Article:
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I enjoy doing fun things outdoors. Family adventures, hunting, fishing, hiking, photography, 4 wheeling, etc. Get out there and enjoy ... NOTE: IF YOU CLICK ON MY PHOTOS IN THE BLOG POST THEY WILL BECOME LARGER.

Monday, November 5, 2018

Barn Hunting in York County, PA.


 
Pam headed to SC for a 4 day get away with Beth, Wendy, and Karen.  I flew to PA to visit Gary.  We planned lots of range time for shooting and I wanted to take barn pictures as well.

After landing at Washington/Baltimore we took the back roads through Amish country so I could look for barns.  I did take some barn pictures in MD when driving to and from the airport, but the majority were in PA.


We went to the range on Thursday, Friday, Saturday, and Sunday.   I must admit it’s fun shooting the steel targets.  PCC’s with Glock mags, Glock pistols, and several wheel guns (revolvers) Dennis let us shoot.  I liked the grip on the Ruger GP100, but it didn’t have the rear adjustable sights.  The S&W 629 was very nice with a 6-inch barrel and an adjustable rear sight.  We were shooting .38 Specials with the wheel guns and I was able to hit 6-inch steel plates at 38 yards.   Gary said I should sell my .44 and buy the GP100 in .357 Magnum.  That is the wheel gun Kevin wants.


Each day before and after we went to the range, Gary was stopping so I could take barn pictures.  Most were taken right from the road.  If I was from the area it would have been fun to talk to the farmers and ask to walk around some of their properties to get different views of the barns. 



Every time we ended up on a ridge we could see multiple farms in the distance.  Planting looked to be mainly soy beans and corn.  Mainly cattle farms with some chicken and pig farms also. Oh ... and Llamas ...



I love to drive the back roads in New England looking for barns.  Sometimes I can drive for hours and not see a barn or at least a barn I would like to take a picture of.  In PA, barns are like rabbits … they are everywhere.  I enjoyed driving and taking pictures.  Gary said Beth (his wife) likes that too.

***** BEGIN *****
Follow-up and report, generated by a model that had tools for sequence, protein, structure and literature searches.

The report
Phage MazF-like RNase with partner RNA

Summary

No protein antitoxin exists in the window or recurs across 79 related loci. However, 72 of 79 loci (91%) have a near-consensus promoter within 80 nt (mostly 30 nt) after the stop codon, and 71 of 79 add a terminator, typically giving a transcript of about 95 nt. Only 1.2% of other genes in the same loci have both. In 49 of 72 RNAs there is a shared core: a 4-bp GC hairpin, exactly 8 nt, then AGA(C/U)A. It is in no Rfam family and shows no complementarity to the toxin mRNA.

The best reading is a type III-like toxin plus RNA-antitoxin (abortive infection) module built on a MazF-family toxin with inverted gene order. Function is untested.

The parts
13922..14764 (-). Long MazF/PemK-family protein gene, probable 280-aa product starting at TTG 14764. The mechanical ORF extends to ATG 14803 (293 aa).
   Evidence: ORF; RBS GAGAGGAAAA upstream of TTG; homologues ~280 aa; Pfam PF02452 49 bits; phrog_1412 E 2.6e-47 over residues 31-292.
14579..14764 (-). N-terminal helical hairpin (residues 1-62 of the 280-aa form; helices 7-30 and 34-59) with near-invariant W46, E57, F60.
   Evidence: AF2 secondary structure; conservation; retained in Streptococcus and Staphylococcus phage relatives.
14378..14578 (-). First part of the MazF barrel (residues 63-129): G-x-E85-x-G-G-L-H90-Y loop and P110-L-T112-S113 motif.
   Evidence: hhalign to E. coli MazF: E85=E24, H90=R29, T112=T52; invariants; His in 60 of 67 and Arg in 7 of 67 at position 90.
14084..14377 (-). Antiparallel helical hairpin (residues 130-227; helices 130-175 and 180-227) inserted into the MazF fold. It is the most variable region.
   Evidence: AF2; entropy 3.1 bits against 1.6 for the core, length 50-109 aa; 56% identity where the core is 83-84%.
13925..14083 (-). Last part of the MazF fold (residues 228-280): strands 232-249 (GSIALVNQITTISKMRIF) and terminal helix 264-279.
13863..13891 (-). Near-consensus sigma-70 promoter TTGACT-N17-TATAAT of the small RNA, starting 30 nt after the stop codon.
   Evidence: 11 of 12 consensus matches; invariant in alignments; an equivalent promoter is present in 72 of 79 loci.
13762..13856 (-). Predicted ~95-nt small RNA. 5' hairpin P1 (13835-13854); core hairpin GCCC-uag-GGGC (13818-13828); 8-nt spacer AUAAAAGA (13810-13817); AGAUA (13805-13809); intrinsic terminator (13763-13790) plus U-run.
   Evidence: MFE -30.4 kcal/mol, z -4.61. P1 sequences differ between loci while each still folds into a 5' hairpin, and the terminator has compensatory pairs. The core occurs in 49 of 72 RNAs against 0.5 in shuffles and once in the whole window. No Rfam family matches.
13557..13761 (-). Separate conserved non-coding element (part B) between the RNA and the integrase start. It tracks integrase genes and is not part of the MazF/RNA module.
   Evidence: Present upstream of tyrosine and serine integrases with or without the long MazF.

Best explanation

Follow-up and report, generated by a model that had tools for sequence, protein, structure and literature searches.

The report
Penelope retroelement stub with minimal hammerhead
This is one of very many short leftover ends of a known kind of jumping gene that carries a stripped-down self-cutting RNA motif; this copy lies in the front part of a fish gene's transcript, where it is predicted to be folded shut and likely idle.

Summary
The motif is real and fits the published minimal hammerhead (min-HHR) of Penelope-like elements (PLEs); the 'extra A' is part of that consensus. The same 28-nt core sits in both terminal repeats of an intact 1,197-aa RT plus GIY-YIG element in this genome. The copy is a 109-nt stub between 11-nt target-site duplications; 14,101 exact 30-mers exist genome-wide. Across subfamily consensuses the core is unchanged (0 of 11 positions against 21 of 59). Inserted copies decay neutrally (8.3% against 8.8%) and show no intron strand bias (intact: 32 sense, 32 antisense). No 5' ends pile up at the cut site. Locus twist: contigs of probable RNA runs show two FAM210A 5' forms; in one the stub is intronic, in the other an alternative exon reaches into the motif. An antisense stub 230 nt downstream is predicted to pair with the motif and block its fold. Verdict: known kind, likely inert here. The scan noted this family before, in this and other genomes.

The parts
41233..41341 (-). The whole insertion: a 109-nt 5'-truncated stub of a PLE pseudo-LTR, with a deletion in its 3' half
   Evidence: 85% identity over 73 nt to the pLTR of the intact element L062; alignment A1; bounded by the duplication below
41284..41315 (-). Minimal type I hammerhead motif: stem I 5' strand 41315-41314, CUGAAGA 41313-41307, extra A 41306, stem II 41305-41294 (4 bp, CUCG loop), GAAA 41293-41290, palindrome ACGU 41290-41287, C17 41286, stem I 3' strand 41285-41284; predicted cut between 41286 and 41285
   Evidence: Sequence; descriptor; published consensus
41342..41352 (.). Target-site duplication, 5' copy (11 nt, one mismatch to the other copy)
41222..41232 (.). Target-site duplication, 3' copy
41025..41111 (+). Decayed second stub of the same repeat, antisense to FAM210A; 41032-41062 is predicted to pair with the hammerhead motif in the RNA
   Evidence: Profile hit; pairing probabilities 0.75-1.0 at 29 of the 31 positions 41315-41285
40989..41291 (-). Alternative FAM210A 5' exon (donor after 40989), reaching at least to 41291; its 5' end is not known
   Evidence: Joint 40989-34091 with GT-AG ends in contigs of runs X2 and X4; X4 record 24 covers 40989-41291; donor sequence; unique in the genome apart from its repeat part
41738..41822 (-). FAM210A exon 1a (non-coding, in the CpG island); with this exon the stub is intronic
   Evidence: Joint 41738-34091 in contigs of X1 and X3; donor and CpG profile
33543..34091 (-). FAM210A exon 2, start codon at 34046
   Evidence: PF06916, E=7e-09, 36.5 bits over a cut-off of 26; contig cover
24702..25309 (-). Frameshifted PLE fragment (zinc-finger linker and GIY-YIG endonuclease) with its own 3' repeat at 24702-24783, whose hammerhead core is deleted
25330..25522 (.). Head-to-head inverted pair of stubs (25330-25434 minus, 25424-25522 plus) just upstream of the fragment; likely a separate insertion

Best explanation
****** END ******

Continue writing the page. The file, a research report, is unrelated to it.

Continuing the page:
Gary said on numerous occasions he has ZERO interest in looking at barns.  I would get comments from him like “Oh Look … A Red One”.  He said he would rather watch the New England Patriots play football than drive around looking at barns.  A clear shot across the bow at me as he's a Denver Broncos fan and hates the Patriots.  I told him we can’t all be consistent winners.  “Brady – GOAT” 

There were barns over every hill and around every turn in the road.  I hope with 4 days of barn hunting Gary has gained an appreciation for the fine barns in his area.  I know I could spend much more time hunting them down and taking pictures.  Hunting for barns is fun for me … "it’s worse than watching paint dry" for Gary …


Click on a barn picture to enlarge.

Also, the link below to my blog post "Red, White, and Barns of New England" has barn pictures I have taken in New England.

http://actionshotsnh.blogspot.com/2016/07/red-white-and-barns-of-new-england.html

Sunday, October 21, 2018

Beaver Brook Association - Hollis, NH